Rep. Paul Gosar has been in the center of much of the controversy surrounding the Capitol insurrection.
One of the major figures involved in the Jan. 6 Capitol insurrection is up for election soon, and Democratic candidates are quickly stepping forward in an attempt to oust Rep. Paul Gosar.
“While the pandemic was being mismanaged, businesses were closing, and millions of jobs were lost, Congressman Gosar was promoting conspiracy theories and staging a coup,” Democrat Delina DiSanto said in a statement announcing her candidacy. “Proud boy Paul Gosar is a national embarrassment. I am in this race because those who betray our country, promote white supremacy, and support the big lie, don’t belong in Congress.”
Gosar—a 2020 election conspiracy theorist whose own family members even endorsed his opponent in 2018—has been in the center of much of the controversy surrounding the Capitol riot. Multiple reports tied him to the planning of the attempted siege, and he’s faced repeated calls to be disciplined for his role.
With the election still a year away, Democratic candidates DiSanto and Judy Stahl are already vying for his seat.
Gosar’s Role in the Insurrection
Gosar, who grew up in Wyoming, has represented the 4th Congressional District since 2011. The Republican-dominant district spans a large swath of northwestern Arizona that stretches from the Nevada border to Prescott, rural portions of the East Valley, and down to Yuma. He’s consistently managed to win each run for reelection by an average of 42%.
Gosar was among the protesters outside the Maricopa County elections center following the November General Election. Many carried guns and demanded to watch as the votes were being counted, even though poll workers were doing exactly that inside the building. Gosar spoke to the demonstrators over a megaphone and led the rowdy group in prayer.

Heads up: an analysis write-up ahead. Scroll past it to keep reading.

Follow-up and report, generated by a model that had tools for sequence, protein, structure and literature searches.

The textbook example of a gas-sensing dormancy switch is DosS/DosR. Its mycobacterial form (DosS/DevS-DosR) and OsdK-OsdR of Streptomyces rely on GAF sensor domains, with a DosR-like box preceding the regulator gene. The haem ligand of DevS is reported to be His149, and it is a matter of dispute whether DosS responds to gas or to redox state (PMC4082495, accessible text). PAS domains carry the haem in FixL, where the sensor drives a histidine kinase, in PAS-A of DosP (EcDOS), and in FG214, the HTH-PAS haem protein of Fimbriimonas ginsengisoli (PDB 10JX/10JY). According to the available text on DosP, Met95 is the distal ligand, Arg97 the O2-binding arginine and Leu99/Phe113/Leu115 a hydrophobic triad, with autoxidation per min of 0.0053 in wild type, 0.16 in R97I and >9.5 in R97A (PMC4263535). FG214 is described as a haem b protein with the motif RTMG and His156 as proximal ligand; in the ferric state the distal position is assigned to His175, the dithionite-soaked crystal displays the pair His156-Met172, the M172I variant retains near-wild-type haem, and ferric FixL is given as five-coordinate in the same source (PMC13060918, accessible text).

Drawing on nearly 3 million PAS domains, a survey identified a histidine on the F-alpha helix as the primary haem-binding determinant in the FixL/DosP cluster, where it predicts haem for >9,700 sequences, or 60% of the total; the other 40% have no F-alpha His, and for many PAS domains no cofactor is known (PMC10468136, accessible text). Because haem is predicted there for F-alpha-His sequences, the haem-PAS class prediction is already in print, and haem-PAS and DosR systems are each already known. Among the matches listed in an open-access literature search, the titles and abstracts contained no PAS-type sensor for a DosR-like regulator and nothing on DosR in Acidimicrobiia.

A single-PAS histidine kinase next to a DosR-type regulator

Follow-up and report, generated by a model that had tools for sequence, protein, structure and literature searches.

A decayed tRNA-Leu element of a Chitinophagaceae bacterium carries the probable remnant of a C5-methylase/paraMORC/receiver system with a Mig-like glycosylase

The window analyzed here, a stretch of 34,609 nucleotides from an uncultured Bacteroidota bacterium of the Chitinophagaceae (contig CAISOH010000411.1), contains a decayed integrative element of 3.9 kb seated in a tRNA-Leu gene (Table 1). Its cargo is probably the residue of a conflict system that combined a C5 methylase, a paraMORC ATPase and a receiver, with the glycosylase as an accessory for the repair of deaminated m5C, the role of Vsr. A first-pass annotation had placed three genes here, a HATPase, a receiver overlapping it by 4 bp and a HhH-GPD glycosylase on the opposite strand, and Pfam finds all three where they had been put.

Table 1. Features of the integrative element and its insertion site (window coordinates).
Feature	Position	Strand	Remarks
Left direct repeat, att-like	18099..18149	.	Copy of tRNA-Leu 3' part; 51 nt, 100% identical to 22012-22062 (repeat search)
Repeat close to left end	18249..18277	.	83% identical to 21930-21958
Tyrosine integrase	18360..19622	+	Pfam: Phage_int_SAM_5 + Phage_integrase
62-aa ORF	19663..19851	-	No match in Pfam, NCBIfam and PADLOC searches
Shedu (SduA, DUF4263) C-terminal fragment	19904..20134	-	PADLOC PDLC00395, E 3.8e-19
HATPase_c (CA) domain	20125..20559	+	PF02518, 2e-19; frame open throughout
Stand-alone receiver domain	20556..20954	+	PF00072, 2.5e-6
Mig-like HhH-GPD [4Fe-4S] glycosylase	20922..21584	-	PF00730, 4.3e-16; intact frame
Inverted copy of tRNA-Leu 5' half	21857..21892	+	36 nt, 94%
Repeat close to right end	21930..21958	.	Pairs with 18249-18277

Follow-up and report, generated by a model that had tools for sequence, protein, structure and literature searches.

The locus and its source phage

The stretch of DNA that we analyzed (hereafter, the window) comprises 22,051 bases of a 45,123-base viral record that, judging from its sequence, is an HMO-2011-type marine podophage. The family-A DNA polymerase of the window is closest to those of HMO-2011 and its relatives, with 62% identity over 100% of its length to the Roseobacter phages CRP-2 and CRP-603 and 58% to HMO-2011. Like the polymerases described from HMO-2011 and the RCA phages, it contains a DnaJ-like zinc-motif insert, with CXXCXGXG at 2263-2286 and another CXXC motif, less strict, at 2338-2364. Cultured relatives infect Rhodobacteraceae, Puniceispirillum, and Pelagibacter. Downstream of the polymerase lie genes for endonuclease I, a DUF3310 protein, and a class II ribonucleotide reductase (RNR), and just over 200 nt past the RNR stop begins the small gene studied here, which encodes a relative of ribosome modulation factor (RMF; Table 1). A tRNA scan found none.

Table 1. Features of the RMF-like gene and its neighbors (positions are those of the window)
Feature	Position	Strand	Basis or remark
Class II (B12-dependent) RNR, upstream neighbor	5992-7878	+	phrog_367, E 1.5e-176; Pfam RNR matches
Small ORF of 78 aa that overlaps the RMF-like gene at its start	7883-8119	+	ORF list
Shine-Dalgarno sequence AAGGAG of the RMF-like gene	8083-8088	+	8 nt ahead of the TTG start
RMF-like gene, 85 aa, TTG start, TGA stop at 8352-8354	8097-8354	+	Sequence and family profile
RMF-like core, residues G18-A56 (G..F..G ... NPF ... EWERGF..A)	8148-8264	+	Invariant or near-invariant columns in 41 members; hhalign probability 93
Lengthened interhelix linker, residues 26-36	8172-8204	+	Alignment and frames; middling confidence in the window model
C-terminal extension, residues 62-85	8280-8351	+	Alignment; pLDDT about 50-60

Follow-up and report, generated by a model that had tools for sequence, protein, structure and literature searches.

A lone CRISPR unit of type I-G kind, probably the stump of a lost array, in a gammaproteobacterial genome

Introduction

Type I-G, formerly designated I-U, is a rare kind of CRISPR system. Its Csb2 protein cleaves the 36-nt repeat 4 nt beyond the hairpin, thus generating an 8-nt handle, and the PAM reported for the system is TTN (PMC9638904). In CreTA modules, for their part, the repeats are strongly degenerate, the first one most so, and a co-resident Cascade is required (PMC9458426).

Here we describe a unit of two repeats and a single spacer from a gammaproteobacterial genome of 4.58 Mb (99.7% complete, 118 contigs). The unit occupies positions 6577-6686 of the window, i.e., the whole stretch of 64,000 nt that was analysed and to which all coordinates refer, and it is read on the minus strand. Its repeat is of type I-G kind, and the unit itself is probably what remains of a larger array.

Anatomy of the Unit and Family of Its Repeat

He was also a fixture at a November daylong hearing at the Hyatt Regency in downtown Phoenix as Trump lawyers Rudy Giuliani and Jenna Ellis continuously made unsubstantiated claims of widespread fraud in Arizona’s election.
Gosar encouraged his supporters to “hold the line” and “fight for Trump” ahead of the Jan. 6 attempted coup. He was also the one who objected to Arizona’s votes during a joint session of Congress as lawmakers were certifying the electoral count when rioters stormed the building.
He later denounced the insurrectionists’ actions on Twitter with an image of rioters climbing a perimeter wall. But the Phoenix New Times reported Gosar posted the same image on Parler, a right-wing social media platform, with a message that appeared to be sympathizing with the insurrection.
Gosar also later suggested with no evidence that certain Capitol intruders were affiliated with “Antifa.”
He voted to oppose Arizona’s Electoral College votes alongside Biggs, Rep. Debbie Lesko, and others after the attempted siege.
READ MORE: The Antics of Arizona Republicans Gosar and Biggs Have Become Notorious, but They Aren’t New
In the months since, Gosar has defended the rioters, calling them “peaceful patriots” and claimed that the Department of Justice is “harassing“ them. He also described the killing of Ashli Babbitt, a Trump supporter who was shot by the Capitol Police while trying to break through the chamber as an “execut[ion].”
Who’s Running Against Him
Gosar’s term doesn’t end until 2022, but opposers have already stepped forward, citing their frustration with the right-wing congressman.
Delina DiSanto—a registered nurse and construction company owner residing near Cave Creek—announced her bid for the seat in early May. She unsuccessfully challenged Gosar in 2018 and 2020.
Democrat Judy Stahl also declared her candidacy earlier this year. Stahl, a licensed massage therapist and massage educator, said her campaign was motivated by a desire for the people of the district to no longer be ignored in Washington.
More candidates will likely emerge in the coming months.
Currently, the fourth district is one of the most conservative strongholds in the state, consistently voting red in overwhelming numbers.
However, that could change as all the congressional boundaries are set to be redrawn later this year by the Arizona Independent Redistricting Commission.
The general election is set for Nov. 8, 2022.